You can’t call yourself an avid angler without fishing for trout at least once. For beginners, catching trout is like the first milestone. However, is trout freshwater or saltwater? In either case, how do you catch trout?
If you don’t know, it’s okay. I’ll go over the basics of fishing trout in this article, including where to find them in the first place.
Learning how, when, and where to catch trout is undoubtedly rewarding. It’s a popular dish at many restaurants. If you live in a fishing district, you’ll be hard-pressed to find an eatery that doesn’t serve trout.
So, let’s find out more about it.
Is Trout Freshwater or Saltwater?
Trouts can be both freshwater or saltwater. In essence, you can find trouts in any body of water if it meets four requirements:
Firstly, the body has clean, unpolluted water. Like all marine species, trouts only survive if the water is clean and contaminant-free.
If your nearby water body is very polluted, it’s not likely to have many fish populations.
Secondly, the water has a rich ecosystem of microorganisms, such as aquatic insects. Trouts need to have sufficient food to survive.
Safety From Predators
Trout species have a high population in water that’s safe from predators. Consequently, trout habitats survive more in smaller bodies of water, such as ponds and lakes.
However, you can also find them in large numbers in rivers, streams, and coastlines.
Lastly, depending on the species, trouts can survive in both cold and warm water. If you’re fishing for trout in saltwater bodies such as the sea or ocean, you’ll find them along the coastline because it’s warmer.
Saltwater trouts are warm-water species. In the winter, they’ll travel to coastal rivers for shelter. Freshwater trouts are cold-water species, and they survive in all sorts of conditions.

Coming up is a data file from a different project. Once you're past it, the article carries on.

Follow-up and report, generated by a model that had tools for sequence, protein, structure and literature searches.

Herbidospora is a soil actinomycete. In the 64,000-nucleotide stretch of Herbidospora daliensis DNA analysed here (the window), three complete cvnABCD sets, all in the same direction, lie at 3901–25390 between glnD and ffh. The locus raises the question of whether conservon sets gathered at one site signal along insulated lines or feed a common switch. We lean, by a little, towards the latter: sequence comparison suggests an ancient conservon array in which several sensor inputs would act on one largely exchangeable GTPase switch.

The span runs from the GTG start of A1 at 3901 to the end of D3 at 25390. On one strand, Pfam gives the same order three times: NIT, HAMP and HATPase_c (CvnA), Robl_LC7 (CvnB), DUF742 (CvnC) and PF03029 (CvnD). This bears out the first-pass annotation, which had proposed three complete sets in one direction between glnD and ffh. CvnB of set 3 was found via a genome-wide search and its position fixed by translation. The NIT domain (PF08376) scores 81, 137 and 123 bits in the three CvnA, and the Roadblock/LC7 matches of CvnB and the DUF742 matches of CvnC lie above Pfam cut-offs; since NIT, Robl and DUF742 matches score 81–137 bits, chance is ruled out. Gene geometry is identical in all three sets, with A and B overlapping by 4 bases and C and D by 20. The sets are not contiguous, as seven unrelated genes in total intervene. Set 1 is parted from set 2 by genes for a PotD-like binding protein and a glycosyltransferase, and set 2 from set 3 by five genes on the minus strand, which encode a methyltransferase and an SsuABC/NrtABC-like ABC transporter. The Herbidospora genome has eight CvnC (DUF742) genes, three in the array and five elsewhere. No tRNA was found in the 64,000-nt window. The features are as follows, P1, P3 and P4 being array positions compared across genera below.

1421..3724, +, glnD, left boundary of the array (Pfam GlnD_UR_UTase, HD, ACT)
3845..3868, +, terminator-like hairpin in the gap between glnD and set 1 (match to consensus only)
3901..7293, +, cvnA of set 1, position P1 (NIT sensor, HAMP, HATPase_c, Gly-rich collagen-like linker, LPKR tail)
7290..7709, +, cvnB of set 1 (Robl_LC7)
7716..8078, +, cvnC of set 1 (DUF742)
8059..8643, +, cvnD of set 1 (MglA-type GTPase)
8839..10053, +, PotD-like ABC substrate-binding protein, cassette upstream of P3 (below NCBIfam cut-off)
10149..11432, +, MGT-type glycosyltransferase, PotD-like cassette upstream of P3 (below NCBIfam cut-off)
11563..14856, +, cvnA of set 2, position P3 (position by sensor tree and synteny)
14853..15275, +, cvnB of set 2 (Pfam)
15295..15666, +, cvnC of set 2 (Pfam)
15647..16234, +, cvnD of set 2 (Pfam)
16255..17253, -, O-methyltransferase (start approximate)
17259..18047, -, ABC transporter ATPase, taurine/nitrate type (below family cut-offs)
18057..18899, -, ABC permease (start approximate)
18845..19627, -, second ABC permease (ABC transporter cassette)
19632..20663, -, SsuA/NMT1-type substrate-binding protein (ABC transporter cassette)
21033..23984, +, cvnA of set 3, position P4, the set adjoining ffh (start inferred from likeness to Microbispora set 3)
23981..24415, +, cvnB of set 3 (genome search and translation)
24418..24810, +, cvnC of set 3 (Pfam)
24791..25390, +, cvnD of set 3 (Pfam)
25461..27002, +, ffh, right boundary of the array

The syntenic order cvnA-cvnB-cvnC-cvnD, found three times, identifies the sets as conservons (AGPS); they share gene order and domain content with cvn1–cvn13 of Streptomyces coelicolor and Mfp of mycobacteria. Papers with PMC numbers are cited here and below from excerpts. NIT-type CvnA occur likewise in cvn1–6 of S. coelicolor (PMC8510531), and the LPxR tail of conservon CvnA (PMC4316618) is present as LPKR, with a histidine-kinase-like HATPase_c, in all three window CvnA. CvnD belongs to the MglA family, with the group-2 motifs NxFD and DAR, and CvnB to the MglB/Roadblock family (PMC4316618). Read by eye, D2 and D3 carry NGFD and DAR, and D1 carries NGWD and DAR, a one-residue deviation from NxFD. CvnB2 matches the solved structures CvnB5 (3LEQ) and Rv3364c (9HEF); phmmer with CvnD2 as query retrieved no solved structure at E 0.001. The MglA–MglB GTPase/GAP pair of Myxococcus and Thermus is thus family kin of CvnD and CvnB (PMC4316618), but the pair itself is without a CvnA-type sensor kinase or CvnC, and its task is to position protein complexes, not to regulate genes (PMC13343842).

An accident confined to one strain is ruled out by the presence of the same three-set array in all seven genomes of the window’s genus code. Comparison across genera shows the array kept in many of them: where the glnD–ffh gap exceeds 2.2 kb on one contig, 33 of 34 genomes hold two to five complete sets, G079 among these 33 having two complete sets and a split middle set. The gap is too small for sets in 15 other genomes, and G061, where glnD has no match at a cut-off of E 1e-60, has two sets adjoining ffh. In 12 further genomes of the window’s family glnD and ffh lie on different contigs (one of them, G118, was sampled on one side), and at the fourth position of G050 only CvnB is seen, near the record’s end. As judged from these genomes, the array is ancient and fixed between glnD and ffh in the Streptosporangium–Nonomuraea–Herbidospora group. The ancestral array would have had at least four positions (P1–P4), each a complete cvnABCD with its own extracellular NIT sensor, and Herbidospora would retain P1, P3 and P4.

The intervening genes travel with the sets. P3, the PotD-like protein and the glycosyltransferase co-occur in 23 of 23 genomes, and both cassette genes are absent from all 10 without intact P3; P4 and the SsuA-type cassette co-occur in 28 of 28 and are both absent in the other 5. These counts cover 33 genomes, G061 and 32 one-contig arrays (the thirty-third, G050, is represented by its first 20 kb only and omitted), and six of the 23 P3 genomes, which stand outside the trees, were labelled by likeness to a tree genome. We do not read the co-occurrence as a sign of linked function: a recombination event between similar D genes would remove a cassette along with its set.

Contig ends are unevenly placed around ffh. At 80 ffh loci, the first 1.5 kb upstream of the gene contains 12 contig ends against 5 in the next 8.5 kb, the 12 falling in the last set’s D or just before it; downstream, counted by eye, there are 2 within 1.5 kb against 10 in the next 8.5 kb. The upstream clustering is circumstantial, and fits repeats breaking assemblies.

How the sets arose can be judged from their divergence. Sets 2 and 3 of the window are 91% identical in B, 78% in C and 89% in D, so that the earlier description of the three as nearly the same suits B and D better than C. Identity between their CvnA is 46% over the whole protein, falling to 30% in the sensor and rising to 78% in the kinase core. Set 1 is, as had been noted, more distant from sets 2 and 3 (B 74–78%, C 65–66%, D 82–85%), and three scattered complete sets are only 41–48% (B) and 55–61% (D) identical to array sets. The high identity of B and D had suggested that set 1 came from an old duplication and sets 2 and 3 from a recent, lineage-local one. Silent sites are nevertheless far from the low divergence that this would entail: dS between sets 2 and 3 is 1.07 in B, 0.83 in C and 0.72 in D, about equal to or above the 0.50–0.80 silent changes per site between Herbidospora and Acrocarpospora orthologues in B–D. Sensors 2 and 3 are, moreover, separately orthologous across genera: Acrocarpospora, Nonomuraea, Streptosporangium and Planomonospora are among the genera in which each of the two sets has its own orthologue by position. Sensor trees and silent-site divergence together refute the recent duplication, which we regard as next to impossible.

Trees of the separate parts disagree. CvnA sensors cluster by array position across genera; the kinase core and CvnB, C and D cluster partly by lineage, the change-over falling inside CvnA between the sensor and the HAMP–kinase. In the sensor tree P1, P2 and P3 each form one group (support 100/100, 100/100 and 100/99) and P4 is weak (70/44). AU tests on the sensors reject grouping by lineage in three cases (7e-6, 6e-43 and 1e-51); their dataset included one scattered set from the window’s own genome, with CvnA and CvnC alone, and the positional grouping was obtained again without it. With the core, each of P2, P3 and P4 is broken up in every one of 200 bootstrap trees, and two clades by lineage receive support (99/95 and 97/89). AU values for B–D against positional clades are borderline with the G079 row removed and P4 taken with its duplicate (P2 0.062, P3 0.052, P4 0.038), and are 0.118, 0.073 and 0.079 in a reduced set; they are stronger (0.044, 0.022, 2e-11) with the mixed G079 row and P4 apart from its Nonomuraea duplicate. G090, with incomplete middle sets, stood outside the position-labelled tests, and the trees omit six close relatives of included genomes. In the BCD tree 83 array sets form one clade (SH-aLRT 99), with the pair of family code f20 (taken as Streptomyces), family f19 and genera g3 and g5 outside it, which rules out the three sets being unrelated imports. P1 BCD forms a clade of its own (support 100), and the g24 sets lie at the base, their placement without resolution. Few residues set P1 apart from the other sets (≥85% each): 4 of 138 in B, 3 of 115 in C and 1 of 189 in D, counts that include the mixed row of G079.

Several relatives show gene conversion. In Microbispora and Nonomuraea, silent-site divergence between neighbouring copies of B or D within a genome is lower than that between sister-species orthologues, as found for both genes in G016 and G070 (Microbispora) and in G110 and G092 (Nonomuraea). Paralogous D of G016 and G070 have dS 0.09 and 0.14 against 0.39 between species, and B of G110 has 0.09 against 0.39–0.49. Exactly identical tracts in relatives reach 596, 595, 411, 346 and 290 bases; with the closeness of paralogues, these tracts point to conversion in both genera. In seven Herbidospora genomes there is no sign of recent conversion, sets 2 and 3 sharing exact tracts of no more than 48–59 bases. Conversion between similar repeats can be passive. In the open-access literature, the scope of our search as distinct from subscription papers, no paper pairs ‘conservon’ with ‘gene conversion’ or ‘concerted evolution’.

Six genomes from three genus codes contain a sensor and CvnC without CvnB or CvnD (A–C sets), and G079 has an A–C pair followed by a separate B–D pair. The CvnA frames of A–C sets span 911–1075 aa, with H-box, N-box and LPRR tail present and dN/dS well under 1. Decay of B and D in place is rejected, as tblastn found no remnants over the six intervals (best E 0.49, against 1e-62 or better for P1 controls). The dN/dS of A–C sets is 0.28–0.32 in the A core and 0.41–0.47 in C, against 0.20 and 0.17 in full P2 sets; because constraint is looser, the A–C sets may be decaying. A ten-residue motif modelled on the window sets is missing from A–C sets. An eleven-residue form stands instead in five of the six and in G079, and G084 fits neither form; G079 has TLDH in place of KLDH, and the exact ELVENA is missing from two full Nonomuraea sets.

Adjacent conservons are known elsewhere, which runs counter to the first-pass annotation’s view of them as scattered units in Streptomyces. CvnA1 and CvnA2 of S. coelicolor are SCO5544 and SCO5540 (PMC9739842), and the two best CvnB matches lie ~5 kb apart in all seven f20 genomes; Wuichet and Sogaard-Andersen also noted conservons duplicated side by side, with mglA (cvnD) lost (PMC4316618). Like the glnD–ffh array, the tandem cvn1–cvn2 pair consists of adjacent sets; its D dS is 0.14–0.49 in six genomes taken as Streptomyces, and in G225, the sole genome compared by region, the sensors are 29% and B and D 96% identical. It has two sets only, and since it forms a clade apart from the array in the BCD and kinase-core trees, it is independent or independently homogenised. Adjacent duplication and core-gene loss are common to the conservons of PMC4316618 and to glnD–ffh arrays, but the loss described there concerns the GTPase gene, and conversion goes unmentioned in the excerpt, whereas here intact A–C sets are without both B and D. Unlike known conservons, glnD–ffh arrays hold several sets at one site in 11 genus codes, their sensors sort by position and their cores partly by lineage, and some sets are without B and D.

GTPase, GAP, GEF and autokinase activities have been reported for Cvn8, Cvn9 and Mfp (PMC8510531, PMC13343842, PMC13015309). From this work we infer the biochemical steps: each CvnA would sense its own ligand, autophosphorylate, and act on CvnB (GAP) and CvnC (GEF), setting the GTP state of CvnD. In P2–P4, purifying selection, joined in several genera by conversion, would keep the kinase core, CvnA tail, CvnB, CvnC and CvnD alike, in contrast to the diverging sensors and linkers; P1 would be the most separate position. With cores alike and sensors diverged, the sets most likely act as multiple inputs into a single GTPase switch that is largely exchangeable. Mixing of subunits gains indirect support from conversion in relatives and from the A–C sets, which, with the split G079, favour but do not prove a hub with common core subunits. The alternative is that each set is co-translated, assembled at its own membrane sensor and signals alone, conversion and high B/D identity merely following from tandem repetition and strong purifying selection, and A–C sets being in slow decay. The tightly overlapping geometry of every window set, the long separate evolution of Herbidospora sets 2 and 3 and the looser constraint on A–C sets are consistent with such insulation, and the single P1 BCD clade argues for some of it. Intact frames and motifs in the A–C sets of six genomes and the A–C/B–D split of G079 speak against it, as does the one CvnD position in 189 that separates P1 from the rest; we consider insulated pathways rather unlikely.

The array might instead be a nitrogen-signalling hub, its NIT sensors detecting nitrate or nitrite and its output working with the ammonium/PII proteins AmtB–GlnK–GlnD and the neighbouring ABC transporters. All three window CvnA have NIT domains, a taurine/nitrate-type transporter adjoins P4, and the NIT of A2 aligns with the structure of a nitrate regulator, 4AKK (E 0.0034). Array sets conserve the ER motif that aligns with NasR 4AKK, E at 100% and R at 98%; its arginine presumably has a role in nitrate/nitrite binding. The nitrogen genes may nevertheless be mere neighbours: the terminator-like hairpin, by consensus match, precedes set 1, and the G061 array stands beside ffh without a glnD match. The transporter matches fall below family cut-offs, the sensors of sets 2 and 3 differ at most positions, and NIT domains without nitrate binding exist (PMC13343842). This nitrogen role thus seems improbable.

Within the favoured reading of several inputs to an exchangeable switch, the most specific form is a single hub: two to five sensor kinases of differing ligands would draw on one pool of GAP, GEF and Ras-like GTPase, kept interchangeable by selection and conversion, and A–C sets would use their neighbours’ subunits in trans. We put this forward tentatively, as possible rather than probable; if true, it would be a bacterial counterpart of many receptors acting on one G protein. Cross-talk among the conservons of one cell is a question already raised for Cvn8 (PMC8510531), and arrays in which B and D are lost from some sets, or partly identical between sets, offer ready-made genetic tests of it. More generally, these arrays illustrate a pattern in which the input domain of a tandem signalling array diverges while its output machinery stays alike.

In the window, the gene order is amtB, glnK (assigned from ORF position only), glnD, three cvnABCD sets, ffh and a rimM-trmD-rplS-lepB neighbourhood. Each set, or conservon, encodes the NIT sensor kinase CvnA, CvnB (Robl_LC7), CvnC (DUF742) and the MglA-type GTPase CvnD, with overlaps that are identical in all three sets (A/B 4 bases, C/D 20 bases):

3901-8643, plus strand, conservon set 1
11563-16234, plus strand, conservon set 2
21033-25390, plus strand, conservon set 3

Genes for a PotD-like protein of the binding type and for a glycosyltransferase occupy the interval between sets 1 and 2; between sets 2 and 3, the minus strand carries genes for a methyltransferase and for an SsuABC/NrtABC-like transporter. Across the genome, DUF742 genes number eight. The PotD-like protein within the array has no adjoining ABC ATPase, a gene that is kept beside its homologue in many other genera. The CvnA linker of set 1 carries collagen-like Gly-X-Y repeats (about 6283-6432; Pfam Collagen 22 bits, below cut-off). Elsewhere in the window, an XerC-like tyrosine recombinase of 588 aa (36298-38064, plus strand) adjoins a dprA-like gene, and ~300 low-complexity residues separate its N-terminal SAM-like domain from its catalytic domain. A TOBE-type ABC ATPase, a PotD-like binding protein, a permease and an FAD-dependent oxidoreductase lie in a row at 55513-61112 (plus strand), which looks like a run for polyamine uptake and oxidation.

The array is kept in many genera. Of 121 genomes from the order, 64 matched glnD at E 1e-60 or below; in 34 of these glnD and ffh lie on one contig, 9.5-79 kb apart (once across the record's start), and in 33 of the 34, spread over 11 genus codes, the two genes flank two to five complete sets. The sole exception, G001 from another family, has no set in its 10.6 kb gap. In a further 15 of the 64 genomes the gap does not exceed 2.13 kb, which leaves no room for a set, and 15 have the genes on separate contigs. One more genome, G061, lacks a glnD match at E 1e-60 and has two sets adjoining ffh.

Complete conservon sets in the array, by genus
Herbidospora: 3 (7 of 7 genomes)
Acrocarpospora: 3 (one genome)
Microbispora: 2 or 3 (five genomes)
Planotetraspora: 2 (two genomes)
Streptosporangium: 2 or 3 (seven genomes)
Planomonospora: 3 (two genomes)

Types of Freshwater Trout
As mentioned, you’ll find trout in both small and large freshwater bodies. However, what types of freshwater trouts are out there?
Unlike saltwater trouts, freshwater trouts like cold water. Therefore, they’re longer and more slender than warm water trouts. They also have more streamlined bodies to cut through the cold water.
You’ll find different types of freshwater trout all over the world. From North America and Europe to Asia, they’re common everywhere.
If you’re in North America, the most common species you’ll find are rainbow trout and brook trout.
In Europe, common species include:
- Brown trout
- Lake trout
- Cutthroat trout
Most types of freshwater trout have tiny fins near their tales. As I said, they’re wider than saltwater trout. That’s why they’re more sought-after by fishers and anglers.
Many countries like the US have hatcheries specifically for freshwater trout. Rainbow trout are some of the most desirable fish in the industry. You can identify them by the pink stripe on their bodies.
These can weigh up to 50 pounds apiece. Therefore, you can imagine why these are so desirable.
In eastern countries, brook trouts are very popular. You can find them in European countries like Iceland, Finland, and Norway, or Asian countries like Japan, South Korea, and China.
Types of Saltwater Trout